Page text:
Mar 25, 2014 9:52 AM
Safety official urges drivers and pedestrian to follow safety rules. Louisiana's pedestrian deaths jumped to 122 in 2012, the highest number recorded since 1997 when 138 people died as a result of colliding with motor vehicles.
"Many pedestrian deaths occur under similar conditions to crash deaths involving only vehicles," said Lt. Col. John LeBlanc, executive director of the Louisiana Highway Safety Commission. "In both types of deaths, factors often involve alcohol, evening hours and weekends. We believe most pedestrian deaths are avoidable." While there traditionally has been much attention paid to child pedestrian safety, all but 10 of the 122 pedestrian victims in 2012 were 21 or older. Alcohol was present in 43 percent of the pedestrians killed but that figure could be higher because the presence of alcohol in many of the fatalities was unknown or test results were pending. More pedestrians were killed on Fridays and Saturdays than on other days. Ninety-six of the 122 pedestrian deaths occurred in evening hours, between 6 p.m. and 6 a.m. The 2012 pedestrian deaths represented a significant increase over the 93 pedestrians killed in 2011.
In addition to the fatalities, 1,343 pedestrians were injured in Louisiana in 2012. Nationally, pedestrian deaths increased by 7.1 percent in 2012, which is the most recent year for which completed state and national statistics are available. Both motorists and pedestrians should be aware that alcohol can severely limit your ability to make decisions and to react properly in traffic. The National Highway Traffic Safety Administration and the Louisiana Highway Safety Commission urge pedestrians and drivers to follow basic safety guidelines and rules.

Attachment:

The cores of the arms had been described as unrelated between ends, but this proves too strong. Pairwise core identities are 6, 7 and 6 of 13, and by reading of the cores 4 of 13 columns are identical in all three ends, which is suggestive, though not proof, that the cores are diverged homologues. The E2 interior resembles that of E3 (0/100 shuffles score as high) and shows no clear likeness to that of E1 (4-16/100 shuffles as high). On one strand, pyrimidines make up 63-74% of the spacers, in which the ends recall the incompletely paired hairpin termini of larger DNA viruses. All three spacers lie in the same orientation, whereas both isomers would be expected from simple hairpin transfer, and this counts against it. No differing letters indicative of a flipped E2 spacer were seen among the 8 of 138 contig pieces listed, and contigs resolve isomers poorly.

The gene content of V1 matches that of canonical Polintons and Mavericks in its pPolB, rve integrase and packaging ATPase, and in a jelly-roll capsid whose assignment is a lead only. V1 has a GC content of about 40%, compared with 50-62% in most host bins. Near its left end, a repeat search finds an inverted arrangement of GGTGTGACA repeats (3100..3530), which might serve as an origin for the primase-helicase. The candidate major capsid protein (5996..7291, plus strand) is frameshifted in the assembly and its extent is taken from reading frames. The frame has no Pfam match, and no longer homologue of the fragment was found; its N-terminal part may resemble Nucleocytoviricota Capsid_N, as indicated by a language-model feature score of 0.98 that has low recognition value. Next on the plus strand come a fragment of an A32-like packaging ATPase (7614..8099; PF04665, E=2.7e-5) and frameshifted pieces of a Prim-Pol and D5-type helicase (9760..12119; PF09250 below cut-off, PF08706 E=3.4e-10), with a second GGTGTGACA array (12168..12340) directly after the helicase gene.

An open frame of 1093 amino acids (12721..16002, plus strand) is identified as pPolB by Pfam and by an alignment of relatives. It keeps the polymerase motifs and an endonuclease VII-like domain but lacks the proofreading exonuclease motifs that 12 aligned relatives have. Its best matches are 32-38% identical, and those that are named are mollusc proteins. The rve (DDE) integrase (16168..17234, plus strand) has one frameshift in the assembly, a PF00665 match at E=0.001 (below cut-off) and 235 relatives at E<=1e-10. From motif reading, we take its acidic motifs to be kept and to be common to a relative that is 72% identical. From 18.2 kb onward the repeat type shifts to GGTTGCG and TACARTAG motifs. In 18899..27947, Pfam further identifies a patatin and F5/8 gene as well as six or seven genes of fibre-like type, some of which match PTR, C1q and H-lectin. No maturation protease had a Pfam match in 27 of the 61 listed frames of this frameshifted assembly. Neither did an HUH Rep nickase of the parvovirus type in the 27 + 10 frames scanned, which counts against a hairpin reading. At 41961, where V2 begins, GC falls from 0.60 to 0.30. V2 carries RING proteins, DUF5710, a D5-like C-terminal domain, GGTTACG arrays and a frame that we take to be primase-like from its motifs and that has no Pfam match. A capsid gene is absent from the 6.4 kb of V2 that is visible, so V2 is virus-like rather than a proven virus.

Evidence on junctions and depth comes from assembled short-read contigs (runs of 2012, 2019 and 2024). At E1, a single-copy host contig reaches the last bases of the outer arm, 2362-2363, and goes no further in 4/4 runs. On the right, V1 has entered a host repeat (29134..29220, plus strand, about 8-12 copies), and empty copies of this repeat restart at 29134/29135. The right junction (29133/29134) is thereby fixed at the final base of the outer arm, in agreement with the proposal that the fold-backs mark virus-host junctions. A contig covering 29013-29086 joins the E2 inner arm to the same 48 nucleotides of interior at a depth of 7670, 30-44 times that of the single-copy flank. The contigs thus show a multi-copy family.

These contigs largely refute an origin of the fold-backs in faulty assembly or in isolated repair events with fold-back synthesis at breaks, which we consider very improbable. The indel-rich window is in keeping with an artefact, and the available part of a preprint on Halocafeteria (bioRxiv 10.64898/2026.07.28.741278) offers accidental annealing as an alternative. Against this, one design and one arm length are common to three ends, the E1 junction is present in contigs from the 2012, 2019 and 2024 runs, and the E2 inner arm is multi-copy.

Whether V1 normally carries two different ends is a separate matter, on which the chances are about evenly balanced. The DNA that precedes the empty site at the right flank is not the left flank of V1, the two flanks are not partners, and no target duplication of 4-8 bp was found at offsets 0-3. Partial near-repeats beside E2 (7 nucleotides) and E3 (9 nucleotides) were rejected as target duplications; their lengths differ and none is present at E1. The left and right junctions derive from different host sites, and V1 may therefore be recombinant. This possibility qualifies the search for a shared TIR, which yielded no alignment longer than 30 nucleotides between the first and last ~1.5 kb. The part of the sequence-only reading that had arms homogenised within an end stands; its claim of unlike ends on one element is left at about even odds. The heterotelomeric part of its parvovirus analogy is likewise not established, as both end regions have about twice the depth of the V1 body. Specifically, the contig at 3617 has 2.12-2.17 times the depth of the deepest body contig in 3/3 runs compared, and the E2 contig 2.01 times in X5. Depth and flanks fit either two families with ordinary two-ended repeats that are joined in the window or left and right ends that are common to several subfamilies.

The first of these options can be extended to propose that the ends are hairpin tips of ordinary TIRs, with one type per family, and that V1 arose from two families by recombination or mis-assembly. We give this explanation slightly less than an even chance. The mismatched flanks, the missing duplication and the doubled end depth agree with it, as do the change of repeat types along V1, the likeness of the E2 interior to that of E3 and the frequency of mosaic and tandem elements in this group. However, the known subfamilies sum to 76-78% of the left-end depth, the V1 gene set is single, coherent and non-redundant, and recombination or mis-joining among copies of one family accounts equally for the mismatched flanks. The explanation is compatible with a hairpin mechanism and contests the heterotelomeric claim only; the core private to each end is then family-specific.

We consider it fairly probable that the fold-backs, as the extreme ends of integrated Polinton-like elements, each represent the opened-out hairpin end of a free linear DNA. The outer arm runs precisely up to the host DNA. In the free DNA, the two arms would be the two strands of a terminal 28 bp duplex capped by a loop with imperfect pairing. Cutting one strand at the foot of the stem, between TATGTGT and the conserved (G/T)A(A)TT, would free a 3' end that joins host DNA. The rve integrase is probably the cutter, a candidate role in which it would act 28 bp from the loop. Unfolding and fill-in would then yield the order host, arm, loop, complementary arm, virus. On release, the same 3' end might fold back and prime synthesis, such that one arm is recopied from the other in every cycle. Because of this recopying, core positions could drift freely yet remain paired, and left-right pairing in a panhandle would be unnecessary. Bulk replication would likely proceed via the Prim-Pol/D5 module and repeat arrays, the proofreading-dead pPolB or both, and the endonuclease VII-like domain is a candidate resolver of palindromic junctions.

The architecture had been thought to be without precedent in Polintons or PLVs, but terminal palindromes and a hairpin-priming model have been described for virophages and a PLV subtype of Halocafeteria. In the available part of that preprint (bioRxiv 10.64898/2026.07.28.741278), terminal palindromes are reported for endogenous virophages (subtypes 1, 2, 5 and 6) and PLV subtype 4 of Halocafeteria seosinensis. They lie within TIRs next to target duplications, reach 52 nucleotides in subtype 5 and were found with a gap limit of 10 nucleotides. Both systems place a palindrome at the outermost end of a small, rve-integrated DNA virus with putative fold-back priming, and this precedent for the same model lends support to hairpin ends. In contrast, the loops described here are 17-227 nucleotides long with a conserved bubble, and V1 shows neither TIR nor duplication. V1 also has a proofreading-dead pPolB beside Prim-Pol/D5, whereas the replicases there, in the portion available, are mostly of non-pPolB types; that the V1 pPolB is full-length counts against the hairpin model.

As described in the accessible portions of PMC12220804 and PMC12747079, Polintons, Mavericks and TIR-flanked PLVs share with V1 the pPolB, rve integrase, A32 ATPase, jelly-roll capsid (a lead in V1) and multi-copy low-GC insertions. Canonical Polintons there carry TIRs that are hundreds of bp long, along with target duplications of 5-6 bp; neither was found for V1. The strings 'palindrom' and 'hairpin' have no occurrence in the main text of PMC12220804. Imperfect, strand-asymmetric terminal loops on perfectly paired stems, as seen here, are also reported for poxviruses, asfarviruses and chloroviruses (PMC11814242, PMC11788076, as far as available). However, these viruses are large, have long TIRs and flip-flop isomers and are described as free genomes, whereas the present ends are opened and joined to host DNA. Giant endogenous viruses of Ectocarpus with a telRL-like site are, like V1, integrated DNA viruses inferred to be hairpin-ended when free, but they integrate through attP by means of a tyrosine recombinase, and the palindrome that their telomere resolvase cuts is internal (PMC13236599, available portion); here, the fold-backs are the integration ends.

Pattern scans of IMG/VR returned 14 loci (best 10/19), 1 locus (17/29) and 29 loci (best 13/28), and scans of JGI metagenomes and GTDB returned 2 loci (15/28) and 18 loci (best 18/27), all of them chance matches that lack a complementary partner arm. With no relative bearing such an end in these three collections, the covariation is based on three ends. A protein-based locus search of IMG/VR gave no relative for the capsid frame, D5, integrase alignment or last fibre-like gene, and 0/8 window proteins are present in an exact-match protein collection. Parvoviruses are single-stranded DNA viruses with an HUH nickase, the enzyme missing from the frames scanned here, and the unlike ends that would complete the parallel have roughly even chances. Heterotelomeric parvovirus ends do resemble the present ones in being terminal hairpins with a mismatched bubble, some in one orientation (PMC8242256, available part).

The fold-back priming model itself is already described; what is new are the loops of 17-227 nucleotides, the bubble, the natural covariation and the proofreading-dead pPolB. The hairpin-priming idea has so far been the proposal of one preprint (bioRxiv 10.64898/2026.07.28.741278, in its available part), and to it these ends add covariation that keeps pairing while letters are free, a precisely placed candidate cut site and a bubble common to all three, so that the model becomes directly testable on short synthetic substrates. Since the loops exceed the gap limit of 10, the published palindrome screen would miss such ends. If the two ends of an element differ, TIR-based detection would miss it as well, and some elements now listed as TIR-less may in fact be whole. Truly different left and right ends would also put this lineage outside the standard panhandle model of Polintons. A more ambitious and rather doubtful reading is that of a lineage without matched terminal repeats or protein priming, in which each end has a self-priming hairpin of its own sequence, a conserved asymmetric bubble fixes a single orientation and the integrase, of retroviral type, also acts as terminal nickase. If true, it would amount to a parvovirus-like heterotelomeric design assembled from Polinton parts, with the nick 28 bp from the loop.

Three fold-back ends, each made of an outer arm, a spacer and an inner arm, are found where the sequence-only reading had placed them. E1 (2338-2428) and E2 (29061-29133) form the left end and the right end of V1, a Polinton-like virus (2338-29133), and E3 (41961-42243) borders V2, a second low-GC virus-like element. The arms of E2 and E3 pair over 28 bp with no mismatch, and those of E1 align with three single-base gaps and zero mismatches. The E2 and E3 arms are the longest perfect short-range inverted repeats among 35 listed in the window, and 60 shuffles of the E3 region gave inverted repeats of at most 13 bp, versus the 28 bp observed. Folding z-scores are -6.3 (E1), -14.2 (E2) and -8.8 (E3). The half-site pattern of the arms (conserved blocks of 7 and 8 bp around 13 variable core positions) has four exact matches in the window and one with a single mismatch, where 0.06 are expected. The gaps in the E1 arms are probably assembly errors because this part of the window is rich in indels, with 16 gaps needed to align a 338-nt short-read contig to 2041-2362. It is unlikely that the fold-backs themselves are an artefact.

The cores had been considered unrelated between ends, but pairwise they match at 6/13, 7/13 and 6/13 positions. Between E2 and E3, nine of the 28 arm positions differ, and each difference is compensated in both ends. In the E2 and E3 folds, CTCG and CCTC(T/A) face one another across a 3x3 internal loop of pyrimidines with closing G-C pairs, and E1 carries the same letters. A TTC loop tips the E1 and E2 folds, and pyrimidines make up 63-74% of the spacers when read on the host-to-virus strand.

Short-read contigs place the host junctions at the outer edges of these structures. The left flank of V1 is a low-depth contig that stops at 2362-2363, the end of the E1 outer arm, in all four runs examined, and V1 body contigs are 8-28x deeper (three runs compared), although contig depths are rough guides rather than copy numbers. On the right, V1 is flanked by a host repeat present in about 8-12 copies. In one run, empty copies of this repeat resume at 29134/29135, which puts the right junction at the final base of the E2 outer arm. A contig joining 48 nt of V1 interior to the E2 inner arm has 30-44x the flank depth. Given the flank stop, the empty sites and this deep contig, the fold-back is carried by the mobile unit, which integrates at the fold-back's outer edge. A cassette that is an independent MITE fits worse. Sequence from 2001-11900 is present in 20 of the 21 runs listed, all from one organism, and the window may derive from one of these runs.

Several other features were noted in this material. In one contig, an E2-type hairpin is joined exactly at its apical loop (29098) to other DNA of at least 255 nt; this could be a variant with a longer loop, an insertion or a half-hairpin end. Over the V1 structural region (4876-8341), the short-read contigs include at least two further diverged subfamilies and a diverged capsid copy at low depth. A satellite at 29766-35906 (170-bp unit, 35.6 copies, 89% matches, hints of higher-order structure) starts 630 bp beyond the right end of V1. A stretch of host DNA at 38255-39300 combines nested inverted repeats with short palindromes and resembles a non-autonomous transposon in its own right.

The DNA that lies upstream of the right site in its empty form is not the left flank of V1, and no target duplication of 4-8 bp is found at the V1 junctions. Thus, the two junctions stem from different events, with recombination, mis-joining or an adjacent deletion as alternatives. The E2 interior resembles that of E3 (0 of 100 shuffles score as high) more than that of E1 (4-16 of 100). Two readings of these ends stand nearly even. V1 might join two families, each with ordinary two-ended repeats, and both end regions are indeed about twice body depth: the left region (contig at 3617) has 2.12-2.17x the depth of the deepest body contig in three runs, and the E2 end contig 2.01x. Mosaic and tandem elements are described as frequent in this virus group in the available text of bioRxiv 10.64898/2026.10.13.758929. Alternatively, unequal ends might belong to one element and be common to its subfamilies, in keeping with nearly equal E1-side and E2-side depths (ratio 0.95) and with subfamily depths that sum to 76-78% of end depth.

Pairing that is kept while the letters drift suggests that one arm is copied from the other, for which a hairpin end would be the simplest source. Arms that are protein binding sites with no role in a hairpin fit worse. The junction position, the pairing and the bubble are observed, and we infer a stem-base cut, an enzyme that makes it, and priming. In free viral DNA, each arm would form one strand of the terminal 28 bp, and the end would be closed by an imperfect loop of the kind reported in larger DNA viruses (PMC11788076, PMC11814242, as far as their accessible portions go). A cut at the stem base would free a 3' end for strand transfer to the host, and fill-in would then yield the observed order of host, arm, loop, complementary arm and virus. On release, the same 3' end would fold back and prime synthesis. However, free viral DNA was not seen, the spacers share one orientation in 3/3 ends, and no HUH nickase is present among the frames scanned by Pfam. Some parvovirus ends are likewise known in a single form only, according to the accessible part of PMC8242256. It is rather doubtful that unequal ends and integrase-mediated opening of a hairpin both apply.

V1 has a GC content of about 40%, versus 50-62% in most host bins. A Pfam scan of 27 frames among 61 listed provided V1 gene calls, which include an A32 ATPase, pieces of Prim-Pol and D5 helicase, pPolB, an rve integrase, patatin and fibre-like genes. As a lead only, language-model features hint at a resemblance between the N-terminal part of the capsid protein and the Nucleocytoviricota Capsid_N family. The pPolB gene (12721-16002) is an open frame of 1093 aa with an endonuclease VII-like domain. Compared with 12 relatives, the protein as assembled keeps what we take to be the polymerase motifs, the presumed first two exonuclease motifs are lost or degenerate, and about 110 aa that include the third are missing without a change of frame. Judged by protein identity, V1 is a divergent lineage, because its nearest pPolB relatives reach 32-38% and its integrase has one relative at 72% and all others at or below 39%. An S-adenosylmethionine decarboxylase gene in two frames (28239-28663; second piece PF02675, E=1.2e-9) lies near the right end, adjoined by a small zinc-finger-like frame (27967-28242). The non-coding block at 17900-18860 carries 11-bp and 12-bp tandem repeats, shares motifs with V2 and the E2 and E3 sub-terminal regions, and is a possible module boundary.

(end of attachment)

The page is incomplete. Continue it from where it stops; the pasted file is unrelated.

· Slow down. During the evening hours, you need more time to see a pedestrian in your path.
· Keep in mind that pedestrians who are wearing headphones, hats or earmuffs may not hear your vehicle as it approaches.
· Keep your windshield, windows, and mirrors clean. Make sure your defrosters and windshield wipers are working properly and that washer fluid is replaced as needed.
· Carry a flashlight or attach reflective materials - such as fluorescent tape - to clothing, backpacks, purses, and briefcases. These materials reflect light from headlights back to drivers, making it easier to see you.
· Don't depend on the traffic signal to protect you. Motorists may be distracted, especially when adjusting to the nighttime travel environment.
· Avoid jaywalking and crossing between parked vehicles. Crosswalks offer a safer alternative.
· Walk on sidewalks whenever possible. If you must walk on the street, face traffic.
· When crossing the street, look left-right-left for cars from the curb.
· Do not cross the street if a car is coming and use a crosswalk if available.
· Watch out for cars at every driveway and intersection.
· Stay completely focused on the road and avoid distractions.
· Be especially careful when walking while talking on the phone or using earphones.